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Graduation Address: Meeting the Creative Challenge

28 June 2010

“What distinguishes University of Ulster students is their ability to think and act creatively.”

That was the message from the Vice-Chancellor to students and their families as the University’s 2010 summer graduation series got under way at the Coleraine campus this morning.

In a wide-ranging address to graduates from the Faculty of Life and Health Sciences, the Vice-Chancellor placed emphasis on the resilience and ability to innovate that new graduates brought to society.

At the same time, he said, they also faced a challenging economic environment.

“The graduation class of 2010 face many greater challenges than did my generation,” said Professor Barnett.

“You will face challenges that my generation never had to face. However, as a graduate of this university, we’ve left you that all important inheritance: the ability to think creatively – and I encourage you to have the confidence to put that creativity into practice.”

Turning to the international environment, the Vice-Chancellor spoke of his recent visit to China, which had both impressed and frightened him with the scale of its commitment to development:

“China impressed me because I saw immense investment in the country’s economic future. There was great investment in the economic and physical infrastructure, and still greater investment in education, especially investment in universities. I visited cities that I’d visited just five years previously and now hardly recognised given the scale of the investment. And I visited universities that I’d visited five years previously and didn’t recognise at all such was the scale of the investment. And, quite simply, their facilities are the most impressive that I’ve seen anywhere.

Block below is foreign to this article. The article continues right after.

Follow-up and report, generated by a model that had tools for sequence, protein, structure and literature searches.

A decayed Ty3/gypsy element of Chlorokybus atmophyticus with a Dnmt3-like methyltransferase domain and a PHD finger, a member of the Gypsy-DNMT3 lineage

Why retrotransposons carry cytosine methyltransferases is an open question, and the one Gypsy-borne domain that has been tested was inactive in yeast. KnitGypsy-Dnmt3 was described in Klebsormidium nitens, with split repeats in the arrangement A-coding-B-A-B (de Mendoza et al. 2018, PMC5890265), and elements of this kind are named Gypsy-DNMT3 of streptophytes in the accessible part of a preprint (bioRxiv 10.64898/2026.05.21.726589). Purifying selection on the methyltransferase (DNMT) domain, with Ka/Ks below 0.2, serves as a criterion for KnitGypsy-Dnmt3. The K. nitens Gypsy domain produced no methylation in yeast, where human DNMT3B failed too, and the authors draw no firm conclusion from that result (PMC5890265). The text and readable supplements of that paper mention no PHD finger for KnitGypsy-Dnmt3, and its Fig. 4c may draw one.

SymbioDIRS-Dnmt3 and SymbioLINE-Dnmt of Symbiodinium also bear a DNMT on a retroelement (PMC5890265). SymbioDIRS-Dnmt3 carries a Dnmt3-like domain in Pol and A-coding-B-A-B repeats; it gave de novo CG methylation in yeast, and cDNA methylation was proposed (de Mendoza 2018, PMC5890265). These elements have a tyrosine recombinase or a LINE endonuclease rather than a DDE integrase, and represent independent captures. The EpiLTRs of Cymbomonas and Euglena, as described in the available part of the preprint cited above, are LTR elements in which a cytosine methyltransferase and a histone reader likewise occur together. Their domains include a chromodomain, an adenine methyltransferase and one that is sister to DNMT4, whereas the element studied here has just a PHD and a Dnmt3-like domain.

"China frightened me because China is still waking up and developing its economic infrastructure. As they develop further into the economic powerhouse that they will undeniably become, it sometimes makes me wonder how we in the west are going to compete.”

Nevertheless, Professor Barnett said he was confident for the future of the graduates receiving their degrees and certificates today:

“I gain renewed confidence in our future, however, at graduations such as this, because our future lies in creative thinkers such as today’s graduation class. Creative thinkers who, by definition, have the ability to do things differently. But as I said, that in itself is not enough.

“We must have creative thinkers who have confidence to put that creative thinking into practice and above all to take risks.”

Turning to the economic environment into which the new graduates were emerging, the Vice-Chancellor called on government to ensure that adequate support structures were in place to enable our talented young people to seize the opportunities the world offered:

“In these tough economic times we also need a government that both recognises that our future lies in nurturing our creative talent and supports those who take the risks on our behalf,” he said.